The government is split. President Ebert himself comes close to resigning but is persuaded that duty requires him to stay in place and accept responsibility for the grave decision that must be made. His government falls but today he manages to put a new cabinet together (without Brockdorff-Rantzau). The national assembly authorises him to accept the Allied terms, but with the proviso that Germany rejects responsibility for starting the war. But the Allies are firm. Germany must accept the peace terms by tomorrow, in full and without reservation. If they fail to do so then the war will begin again.

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Matthias Erzberger (Wikipedia)

14/5/1919 Germany mulls the Allies’ unsavoury peace terms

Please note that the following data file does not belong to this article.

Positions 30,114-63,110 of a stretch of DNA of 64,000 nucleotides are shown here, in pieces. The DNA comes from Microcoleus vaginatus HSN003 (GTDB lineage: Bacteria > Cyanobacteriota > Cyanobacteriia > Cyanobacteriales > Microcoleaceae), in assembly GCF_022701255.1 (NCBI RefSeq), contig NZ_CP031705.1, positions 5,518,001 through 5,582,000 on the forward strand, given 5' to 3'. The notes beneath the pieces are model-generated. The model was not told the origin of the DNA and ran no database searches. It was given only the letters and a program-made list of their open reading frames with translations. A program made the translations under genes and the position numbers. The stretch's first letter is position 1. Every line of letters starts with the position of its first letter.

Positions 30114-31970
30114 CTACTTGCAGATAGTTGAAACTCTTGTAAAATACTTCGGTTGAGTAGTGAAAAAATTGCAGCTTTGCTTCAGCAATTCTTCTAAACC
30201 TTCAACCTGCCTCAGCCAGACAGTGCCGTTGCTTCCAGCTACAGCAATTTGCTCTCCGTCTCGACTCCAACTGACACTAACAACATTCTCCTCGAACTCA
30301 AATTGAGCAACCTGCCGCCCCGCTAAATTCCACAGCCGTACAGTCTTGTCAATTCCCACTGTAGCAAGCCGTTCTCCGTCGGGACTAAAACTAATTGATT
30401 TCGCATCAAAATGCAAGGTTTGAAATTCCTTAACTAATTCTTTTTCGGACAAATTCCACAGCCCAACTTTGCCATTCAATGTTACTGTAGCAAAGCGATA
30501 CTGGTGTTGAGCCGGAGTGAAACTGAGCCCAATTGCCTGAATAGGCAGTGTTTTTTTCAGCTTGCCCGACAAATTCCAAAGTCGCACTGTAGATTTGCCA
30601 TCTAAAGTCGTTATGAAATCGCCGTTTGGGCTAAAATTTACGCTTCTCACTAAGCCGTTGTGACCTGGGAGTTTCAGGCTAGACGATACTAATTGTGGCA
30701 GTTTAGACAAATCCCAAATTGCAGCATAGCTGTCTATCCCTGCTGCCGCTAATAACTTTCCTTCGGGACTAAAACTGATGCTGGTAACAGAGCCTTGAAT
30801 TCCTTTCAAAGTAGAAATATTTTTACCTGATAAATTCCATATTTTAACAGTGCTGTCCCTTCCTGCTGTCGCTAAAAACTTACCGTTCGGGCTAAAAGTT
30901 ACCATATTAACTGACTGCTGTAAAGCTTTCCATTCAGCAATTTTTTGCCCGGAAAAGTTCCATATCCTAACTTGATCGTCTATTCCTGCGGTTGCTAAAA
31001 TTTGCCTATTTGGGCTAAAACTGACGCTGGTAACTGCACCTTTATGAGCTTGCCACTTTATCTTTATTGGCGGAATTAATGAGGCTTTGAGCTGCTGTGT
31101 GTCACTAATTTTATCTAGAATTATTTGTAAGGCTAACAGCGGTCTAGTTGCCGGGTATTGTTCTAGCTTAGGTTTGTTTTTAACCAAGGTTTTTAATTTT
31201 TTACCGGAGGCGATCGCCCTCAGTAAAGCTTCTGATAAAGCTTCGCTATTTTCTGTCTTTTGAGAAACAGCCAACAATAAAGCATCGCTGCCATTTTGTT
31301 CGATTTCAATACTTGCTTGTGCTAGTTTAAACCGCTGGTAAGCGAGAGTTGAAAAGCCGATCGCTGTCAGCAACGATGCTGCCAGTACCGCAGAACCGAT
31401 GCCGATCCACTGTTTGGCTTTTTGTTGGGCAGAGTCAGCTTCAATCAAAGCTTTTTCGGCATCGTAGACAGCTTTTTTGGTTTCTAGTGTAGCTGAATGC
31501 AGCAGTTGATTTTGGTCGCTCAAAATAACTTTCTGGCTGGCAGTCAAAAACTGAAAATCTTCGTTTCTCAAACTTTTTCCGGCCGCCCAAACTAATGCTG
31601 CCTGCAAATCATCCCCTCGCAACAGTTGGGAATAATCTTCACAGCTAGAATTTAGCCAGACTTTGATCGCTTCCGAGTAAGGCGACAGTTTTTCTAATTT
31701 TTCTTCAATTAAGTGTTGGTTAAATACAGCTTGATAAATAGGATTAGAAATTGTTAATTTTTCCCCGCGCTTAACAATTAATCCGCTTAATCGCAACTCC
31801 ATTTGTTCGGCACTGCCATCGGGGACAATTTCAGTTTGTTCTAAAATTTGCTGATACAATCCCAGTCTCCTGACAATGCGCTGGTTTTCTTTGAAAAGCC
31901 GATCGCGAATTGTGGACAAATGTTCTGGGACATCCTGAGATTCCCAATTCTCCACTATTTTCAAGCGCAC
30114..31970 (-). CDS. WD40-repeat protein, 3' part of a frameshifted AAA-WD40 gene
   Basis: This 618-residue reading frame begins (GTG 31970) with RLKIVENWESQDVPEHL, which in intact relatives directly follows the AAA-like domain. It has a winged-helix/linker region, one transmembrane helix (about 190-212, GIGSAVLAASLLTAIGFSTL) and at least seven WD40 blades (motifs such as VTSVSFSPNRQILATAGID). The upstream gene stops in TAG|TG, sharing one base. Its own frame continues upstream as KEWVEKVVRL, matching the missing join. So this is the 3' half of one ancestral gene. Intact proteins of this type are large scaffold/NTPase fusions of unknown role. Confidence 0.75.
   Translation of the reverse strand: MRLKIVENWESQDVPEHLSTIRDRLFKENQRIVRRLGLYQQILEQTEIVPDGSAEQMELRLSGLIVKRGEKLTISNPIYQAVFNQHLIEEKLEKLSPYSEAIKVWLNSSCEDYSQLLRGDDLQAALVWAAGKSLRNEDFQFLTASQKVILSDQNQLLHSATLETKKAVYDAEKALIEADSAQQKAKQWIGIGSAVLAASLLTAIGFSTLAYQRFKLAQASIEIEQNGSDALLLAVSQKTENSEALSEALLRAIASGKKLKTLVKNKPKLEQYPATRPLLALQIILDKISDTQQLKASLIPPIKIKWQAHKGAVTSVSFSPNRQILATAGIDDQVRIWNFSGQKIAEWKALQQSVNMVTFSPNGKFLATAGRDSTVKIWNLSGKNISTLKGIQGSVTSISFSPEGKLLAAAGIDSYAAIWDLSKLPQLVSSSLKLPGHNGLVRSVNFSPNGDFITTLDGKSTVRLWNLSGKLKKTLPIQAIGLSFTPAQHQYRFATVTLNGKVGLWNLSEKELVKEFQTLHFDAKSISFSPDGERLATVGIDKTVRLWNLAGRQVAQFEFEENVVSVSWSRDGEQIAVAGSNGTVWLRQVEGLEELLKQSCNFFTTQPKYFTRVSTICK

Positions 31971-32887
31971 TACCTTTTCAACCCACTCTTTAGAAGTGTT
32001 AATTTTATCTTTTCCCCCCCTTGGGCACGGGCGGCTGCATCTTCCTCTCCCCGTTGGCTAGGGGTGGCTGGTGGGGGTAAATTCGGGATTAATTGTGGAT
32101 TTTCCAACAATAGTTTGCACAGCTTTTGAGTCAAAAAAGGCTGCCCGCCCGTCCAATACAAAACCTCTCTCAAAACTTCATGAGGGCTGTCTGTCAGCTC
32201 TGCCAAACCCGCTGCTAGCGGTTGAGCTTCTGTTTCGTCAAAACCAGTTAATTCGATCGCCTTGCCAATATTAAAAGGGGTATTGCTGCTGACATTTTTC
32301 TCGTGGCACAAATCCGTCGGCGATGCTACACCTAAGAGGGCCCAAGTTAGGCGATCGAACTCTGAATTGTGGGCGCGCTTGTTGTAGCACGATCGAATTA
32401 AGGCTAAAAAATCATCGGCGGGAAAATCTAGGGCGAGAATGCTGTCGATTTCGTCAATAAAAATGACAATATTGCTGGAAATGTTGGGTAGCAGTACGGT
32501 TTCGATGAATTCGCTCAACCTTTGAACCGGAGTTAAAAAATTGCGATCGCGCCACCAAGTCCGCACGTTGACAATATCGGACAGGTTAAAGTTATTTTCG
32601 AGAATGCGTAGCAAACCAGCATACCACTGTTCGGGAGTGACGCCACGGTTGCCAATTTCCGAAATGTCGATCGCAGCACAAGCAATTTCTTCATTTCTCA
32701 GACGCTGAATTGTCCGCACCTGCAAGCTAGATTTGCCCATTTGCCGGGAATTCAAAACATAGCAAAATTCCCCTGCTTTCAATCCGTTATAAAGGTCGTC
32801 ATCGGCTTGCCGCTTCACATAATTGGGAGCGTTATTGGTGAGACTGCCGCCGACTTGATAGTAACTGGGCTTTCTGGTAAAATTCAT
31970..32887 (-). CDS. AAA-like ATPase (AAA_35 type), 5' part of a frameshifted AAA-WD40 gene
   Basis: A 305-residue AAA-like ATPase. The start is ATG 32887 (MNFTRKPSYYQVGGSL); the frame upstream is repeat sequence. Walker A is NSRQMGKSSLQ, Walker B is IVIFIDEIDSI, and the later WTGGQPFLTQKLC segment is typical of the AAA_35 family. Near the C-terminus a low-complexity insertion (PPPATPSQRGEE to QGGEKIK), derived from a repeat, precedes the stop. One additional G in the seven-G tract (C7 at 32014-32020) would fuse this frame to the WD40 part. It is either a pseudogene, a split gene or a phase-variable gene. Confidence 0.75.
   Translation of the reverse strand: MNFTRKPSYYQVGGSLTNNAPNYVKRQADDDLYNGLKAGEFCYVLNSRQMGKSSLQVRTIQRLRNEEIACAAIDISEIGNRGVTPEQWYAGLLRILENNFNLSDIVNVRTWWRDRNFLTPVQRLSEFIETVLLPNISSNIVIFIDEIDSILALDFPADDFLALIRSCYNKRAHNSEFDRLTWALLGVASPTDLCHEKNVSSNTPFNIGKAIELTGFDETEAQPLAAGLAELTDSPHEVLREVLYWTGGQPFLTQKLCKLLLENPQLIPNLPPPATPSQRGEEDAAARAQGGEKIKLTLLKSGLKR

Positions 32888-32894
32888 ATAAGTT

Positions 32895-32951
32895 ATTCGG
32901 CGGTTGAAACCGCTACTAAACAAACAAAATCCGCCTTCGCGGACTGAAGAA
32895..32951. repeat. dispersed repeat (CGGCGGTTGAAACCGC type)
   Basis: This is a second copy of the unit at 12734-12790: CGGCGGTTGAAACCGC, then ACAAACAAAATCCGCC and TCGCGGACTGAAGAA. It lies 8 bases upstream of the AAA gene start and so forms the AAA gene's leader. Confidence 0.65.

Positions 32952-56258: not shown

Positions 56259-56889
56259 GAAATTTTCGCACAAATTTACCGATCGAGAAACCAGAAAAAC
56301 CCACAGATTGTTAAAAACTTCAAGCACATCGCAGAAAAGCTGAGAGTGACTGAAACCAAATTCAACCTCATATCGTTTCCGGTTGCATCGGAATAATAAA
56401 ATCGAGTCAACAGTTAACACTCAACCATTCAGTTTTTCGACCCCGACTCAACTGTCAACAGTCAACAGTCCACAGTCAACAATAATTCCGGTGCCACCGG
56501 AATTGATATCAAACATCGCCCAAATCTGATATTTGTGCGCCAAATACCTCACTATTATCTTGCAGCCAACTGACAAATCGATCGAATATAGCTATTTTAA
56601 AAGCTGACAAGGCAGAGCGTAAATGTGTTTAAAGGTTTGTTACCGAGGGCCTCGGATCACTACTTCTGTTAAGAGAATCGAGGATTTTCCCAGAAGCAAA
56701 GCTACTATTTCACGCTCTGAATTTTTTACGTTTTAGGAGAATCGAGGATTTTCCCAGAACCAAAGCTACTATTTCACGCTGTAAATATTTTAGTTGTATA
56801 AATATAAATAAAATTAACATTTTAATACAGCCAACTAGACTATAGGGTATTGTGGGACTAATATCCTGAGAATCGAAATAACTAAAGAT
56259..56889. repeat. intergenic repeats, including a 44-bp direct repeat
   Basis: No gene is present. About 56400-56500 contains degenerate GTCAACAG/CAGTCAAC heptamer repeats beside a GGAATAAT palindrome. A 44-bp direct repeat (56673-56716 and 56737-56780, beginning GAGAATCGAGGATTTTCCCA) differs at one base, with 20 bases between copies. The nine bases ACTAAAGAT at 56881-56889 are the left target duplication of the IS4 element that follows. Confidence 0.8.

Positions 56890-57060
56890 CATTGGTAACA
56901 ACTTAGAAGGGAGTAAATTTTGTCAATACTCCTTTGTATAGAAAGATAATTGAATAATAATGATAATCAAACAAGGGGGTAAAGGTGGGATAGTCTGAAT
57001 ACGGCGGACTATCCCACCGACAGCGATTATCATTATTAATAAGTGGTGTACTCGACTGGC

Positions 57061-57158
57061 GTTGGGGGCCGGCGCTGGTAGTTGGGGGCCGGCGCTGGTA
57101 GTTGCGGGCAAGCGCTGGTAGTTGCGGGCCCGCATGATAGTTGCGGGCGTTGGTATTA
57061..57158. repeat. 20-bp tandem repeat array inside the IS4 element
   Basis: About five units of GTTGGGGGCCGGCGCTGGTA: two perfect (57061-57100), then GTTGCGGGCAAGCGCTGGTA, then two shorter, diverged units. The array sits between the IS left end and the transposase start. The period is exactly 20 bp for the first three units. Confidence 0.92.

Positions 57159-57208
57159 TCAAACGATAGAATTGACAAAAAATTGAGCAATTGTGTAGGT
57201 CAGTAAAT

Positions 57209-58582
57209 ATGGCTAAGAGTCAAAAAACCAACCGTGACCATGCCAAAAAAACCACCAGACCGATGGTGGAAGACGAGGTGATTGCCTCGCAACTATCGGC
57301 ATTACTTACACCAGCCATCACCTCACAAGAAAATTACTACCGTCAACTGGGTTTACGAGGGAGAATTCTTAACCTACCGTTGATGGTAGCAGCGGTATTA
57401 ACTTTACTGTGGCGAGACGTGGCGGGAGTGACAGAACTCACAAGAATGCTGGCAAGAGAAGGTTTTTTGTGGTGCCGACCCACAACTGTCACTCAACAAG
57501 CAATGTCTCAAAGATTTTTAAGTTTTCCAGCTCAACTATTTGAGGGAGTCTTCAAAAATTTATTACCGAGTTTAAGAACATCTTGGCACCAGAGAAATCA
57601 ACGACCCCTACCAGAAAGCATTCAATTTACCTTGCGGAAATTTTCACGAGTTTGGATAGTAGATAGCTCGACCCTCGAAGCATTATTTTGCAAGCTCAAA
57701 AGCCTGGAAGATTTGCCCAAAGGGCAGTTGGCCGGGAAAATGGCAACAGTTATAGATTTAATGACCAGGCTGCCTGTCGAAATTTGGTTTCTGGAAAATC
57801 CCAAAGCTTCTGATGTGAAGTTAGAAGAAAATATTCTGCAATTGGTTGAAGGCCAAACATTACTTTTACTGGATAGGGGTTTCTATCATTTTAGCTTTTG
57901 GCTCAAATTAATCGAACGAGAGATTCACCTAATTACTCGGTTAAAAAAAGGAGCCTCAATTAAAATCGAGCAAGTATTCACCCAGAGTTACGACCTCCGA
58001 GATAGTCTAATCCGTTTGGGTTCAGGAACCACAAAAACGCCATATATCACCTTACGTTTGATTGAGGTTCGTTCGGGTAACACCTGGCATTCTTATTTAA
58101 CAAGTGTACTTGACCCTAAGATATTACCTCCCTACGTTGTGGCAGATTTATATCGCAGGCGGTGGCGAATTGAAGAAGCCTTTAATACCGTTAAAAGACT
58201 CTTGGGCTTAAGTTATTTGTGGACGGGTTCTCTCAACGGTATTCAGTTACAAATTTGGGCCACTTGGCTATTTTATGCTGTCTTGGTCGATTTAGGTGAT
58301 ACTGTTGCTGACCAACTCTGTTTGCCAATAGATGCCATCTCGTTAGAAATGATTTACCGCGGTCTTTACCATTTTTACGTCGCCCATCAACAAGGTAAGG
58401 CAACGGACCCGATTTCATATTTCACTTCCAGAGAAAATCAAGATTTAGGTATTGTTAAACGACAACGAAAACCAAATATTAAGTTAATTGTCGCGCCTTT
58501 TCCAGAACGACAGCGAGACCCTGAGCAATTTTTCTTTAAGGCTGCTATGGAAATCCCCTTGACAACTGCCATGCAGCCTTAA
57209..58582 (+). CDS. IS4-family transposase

The Allies have presented their peace terms to the German delegation at Versailles. They have in turn communicated the terms back to their government in Berlin, where their perceived harshness causes consternation. The loss of territory, the crippling reparations and the identifying of Germany as being responsible for starting the war all being very upsetting. True, the peace terms are much less harsh than those the Germans imposed on Russia at Brest-Litovsk or Romania at the Treaty of Bucharest. However, those treaties were the diktats of authoritarian Germany; since then Germany has undergone a democratic transformation and its leaders had believed President Wilson‘s promises that the peace would be guided by his liberal principles, only now apparently to have their faith shattered.